How to Manage Your Stress More Effectively
The only constant is change. And change often causes stress.
As our world continues to change both throughout this pandemic and in exciting innovative ways too, our natural uncontrolled response may be the onset of stress. As humans, we all experience the world differently. To some, the pandemic is an onset of loneliness, career and health challenges whereas to others it is an opportunity to do things differently. Similarly, innovation may be experienced by some of us as detrimental to our health and careers whilst others may view it is opportunities. Either way, the commonality is that in some form or other, everyone experiences stress in their own unique ways. Something that is very important as a leader to recognise.
I write this a week after the UK was placed into one of our strongest lockdowns with more restrictions expected imminently. Personally, we have had to curtail childcare from my wife's parents and my own parent's which has naturally impacted on our work.
As a mindfulness teacher, a psychologist in study and a coach, I am fortunate to have an arsenal of tools available to help me cope. Which is why I write these blogs and record these videos to hopefully impart some of these tools and experiences on to you to help in these tough times.
With stress, you have to remember that it is always manageable in some form. You just need to work out what those techniques are for you to help you first recognise when you experiencing stress, what type of stress you are experiencing and finally the activities that help you to overcome that stress. Focusing on both the body and the mind.
Here I explore the techniques around overcoming stress:
Starting a Relaxation Practice
Relaxation is one of the best techniques used to cope with and reduce the symptoms of stress. Relaxation methods have long been utilised for stress management and they prove to be as effective today. Therefore, learning how to relax in the midst of too much stress in your everyday life will mean a world of difference.
As with anything, starting a relaxation practice is often the biggest hurdle that people are faced with. Once you begin to notice that you seem to quickly lose energy and constantly change your mood, then maybe it's time to re-evaluate yourself because this can be all caused by stress. There are several relaxation activities that help combat stress in your life. These include:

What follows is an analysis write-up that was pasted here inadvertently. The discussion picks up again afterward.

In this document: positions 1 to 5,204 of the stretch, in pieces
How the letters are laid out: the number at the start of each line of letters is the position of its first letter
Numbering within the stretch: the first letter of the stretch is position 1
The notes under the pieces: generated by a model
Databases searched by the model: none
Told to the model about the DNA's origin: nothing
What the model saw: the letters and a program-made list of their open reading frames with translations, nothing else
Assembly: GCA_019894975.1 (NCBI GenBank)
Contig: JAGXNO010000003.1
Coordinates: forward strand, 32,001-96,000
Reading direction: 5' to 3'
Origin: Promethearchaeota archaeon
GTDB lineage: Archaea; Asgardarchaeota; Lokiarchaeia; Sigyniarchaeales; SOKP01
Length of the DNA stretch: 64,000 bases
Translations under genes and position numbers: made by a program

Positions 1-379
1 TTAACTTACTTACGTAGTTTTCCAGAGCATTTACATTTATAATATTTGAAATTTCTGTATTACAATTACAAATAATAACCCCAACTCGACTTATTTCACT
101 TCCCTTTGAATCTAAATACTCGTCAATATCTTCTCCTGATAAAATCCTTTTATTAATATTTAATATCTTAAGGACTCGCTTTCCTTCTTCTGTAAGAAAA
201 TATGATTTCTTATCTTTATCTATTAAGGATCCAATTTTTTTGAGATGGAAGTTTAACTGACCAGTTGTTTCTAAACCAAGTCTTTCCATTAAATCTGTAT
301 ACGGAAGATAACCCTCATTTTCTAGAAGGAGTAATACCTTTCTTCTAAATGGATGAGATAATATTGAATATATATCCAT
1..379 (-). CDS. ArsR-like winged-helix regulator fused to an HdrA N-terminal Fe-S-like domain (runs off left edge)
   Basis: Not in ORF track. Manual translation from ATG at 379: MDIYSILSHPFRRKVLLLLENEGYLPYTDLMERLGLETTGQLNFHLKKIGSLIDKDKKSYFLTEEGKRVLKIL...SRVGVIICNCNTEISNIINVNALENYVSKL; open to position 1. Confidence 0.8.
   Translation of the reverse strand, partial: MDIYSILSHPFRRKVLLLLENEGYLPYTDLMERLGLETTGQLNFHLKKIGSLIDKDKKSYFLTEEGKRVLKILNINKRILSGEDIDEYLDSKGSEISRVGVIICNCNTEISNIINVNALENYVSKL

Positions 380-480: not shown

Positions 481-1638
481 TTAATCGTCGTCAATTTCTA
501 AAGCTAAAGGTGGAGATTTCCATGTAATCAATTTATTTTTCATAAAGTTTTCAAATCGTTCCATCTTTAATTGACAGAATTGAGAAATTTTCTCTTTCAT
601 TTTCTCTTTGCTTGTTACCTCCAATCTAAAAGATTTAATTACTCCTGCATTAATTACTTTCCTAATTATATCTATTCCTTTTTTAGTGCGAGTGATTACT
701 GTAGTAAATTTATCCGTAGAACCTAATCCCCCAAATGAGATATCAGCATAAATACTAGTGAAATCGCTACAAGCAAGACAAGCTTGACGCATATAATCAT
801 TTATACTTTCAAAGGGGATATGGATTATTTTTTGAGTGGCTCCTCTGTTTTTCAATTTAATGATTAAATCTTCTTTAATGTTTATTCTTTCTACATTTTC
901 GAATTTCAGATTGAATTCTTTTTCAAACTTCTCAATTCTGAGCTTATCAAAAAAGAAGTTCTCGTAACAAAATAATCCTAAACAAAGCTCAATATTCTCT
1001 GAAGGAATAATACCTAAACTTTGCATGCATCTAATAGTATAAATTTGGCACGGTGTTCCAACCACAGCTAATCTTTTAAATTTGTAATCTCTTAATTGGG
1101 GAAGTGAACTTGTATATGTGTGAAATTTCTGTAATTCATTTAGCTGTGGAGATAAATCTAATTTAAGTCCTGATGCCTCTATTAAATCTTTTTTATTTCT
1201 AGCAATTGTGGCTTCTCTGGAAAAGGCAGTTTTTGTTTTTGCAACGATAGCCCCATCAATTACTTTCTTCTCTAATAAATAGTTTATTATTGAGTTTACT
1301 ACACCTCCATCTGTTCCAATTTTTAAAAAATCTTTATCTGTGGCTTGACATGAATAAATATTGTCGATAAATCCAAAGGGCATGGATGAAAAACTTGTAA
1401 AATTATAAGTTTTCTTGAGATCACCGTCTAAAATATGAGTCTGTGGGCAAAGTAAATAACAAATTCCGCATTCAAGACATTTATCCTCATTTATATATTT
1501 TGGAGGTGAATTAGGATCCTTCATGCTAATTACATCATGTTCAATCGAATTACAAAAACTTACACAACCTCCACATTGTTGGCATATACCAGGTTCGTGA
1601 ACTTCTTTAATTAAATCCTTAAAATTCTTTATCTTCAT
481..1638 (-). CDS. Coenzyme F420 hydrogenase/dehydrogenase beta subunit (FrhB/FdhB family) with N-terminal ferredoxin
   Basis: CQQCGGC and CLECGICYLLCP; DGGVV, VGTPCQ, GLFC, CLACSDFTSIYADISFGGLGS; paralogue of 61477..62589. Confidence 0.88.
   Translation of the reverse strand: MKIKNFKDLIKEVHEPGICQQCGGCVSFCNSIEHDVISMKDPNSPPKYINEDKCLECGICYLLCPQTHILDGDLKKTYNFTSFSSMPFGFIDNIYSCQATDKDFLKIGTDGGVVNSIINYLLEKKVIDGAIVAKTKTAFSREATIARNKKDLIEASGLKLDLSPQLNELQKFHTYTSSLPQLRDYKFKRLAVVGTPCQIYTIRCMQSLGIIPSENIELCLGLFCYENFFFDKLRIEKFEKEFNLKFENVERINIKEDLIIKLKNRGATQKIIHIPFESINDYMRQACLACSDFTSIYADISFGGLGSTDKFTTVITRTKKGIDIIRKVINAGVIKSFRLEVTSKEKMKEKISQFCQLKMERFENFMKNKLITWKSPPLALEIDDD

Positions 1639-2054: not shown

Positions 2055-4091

Deep breathing techniques
To experience the full benefits of such relaxation methods, the key is to dedicate time to first explore those exercise but then find a regular practice that works for you. Just last night I was talking with a coaching client who although prone to giving up at the slightest hurdle, found the structure I provided helpful to set up a relaxation habit. I reminded her of her success so (6 days in a row) whilst also emphasising that if she did ever not feel up to it, to simply just practice for a couple of minutes.
Something is better than nothing.
The key is to take time each day to perform what you find helpful. Only then would you be able to harness its relieving power so you can benefit from stress relief. It does not have to take so much of your time each day, maybe at least 10 minutes to as much as 20 minutes is enough for stress management.
For better success at developing this practice, take note of the following tips:
Determine a given schedule for each day when you can perform these relaxation exercises. If possible, schedule once or twice a day, whichever is most convenient for you. Then, make sure you follow your schedule strictly.
Refrain from scheduling your relaxation practices near bedtime since you're sleepiness could get in the way.
Never opt for an exercise method that could stress you out all the more. Find a level of practice that are most comfortable and feel relaxed with.
If you REALLY do not feel up to it, just do something. Even if for just a couple of minutes
Stress Relief Through Deep Breathing
This is one of the easiest and simplest exercises you can perform to achieve stress relief. This technique allows you to get fresh air to get into your lungs. To perform effective deep breathing, follow these methods:
Sit straight with one hand on your chest and the other on your stomach.
Breathe through your nose, enough to make your stomach rise. Make sure that your chest produces little observable movements.
Use your mouth to exhale and push the air out with as much force as possible.
Repeat the same process. Take note of the rise and fall of your lower abdomen.
Deep breathing is a very powerful practice that helps us to force more oxygen into our brains (hence the focus on breathing in through the nose), helping to ground ourselves
Muscle Relaxation, Yoga and Meditation
For further stress relief, you can perform different relaxation methods that involve your muscles and mind. In muscle relaxation, your objective is to tense and relax the various muscle groups in your body. To do this:
Find a comfortable position and start by taking slow and deep breaths
Create tension on your body by squeezing them tightly while counting slowly until its time to let go
Focus on the release of the tension in a specific body part until you feel relaxed
When doing this, start from foot and eventually move upwards.
Yoga and meditation are also two other techniques used in stress management methods. These are associated with slow and steady movements, as well as gentle stretching. This practice is best for relieving tension in the body and mind, which is why it is recommended for stress relief practices.
There is nothing better than giving your brain a dopamine hit by smashing out an exercise routine. Whether going out for a run, a long-walk, peloton, body-weight exercises. The list goes on. The key is once again, finding what works for you and knowing when you have the freedom to go and pursue it
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